I was looking for "of eight years", and I saw "octoni, ae, a." Then I saw: Septuennis "of seven years, seven years old. (Puer Septuennis, a seven years old boy) Quinquennis: "of five years, five years old (Puer quinquennis, a five years old boy) Could I say "puer octonnis", or should I use the genitive "Puer octonorum annorum"?
Just to supplement Sebastian's answer, octoni is the distributive adjective for octo and it means "eight times" or "eight at a time." It is not the same type of word as septuennis. For that, Sebastian is correct, and you want octennis.
However, you can use octonus for age, and it can be used as a mere substitute for octo. Just take Ovid's Metamorphoses (5.50) as an example:
bis adhuc octonis integer annis
Now untouched at sixteen (twice eight-times) years old
And it's not limited to poetry, as Pliny the Elder often uses it in his Historia Naturalis as well (e.g. 8.201, 10.107).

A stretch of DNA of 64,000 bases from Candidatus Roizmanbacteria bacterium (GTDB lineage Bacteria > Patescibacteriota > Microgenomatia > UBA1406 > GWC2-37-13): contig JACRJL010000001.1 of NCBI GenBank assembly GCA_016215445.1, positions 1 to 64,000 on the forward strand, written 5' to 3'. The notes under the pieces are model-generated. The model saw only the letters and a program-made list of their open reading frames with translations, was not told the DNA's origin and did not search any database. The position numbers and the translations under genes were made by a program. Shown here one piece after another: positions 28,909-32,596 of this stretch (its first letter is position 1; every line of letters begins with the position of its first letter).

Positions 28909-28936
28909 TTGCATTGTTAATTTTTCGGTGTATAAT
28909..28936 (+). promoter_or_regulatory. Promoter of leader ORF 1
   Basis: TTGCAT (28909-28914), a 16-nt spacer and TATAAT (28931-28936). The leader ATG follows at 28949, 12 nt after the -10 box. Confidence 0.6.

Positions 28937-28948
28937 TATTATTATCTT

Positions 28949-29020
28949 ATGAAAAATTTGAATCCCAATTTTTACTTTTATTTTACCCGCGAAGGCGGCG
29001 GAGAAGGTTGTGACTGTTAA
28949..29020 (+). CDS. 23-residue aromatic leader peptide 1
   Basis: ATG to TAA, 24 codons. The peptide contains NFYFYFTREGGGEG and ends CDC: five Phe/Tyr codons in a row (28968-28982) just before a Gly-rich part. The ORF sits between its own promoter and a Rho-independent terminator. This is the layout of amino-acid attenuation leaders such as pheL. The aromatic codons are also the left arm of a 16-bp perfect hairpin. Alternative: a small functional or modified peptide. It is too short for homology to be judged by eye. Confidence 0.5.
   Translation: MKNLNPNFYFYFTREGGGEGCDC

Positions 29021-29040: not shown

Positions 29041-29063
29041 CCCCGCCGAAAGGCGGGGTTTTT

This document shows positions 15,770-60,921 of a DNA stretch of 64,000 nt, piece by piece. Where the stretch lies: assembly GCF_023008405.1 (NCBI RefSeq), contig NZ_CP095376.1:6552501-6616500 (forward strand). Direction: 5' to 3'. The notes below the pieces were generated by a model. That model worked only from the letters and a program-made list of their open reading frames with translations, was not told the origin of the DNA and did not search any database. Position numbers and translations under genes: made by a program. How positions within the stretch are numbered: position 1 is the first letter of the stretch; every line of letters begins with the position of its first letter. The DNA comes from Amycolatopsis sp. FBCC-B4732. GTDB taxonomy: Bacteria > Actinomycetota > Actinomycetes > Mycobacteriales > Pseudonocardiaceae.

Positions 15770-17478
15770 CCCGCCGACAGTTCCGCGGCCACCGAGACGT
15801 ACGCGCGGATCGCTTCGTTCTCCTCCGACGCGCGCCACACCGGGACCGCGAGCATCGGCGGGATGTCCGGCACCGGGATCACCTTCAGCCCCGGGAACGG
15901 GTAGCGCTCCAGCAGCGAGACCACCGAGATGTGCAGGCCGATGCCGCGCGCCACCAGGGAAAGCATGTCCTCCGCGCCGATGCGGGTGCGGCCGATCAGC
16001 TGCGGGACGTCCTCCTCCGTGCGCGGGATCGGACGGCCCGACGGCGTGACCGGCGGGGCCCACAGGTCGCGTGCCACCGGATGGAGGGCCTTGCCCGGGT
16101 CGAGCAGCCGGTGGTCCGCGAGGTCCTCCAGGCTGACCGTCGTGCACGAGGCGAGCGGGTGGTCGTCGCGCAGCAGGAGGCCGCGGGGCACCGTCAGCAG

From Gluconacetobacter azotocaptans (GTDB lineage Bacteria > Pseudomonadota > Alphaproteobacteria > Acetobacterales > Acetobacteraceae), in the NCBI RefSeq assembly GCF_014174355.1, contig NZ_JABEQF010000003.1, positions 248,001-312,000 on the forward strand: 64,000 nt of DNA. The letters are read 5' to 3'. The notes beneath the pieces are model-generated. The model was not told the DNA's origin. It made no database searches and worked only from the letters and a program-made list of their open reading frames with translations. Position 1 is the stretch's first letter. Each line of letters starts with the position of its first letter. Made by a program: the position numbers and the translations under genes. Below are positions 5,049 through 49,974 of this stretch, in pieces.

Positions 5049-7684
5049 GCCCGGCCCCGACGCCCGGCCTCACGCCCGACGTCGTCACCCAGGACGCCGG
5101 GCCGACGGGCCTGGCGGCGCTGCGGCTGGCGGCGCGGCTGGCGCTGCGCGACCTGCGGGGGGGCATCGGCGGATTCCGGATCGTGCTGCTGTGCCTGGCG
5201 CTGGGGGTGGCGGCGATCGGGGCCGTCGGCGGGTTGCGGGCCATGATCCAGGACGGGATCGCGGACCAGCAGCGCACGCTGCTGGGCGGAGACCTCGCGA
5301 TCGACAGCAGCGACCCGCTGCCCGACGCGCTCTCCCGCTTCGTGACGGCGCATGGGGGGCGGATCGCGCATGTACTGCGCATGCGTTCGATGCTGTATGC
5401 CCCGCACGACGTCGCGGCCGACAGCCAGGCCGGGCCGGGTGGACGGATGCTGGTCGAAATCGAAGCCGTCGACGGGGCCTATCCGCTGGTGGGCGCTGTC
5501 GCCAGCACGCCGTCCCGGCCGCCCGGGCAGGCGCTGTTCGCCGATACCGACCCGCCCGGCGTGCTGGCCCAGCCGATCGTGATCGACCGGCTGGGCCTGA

columbae et turtures octonis annis vivunt.
Pigeons and turtle-doves live for eight years. (Pliny, NH 10.107)
That said, you'll still need a noun to go with it.
The word is octennis. You can say puer octennis – but it's an extremely unusual word and not classical.
More common ways to express the idea are:
- puer octo annos natus – an eight year old boy
- puer octo annorum – a boy of eight years
- puer nonum annum agens – a boy living in his ninth year
Thanks, Sebastian. I don't care about the word being classical. Actually, I don't even like classical Latin. Feb 9 at 16:54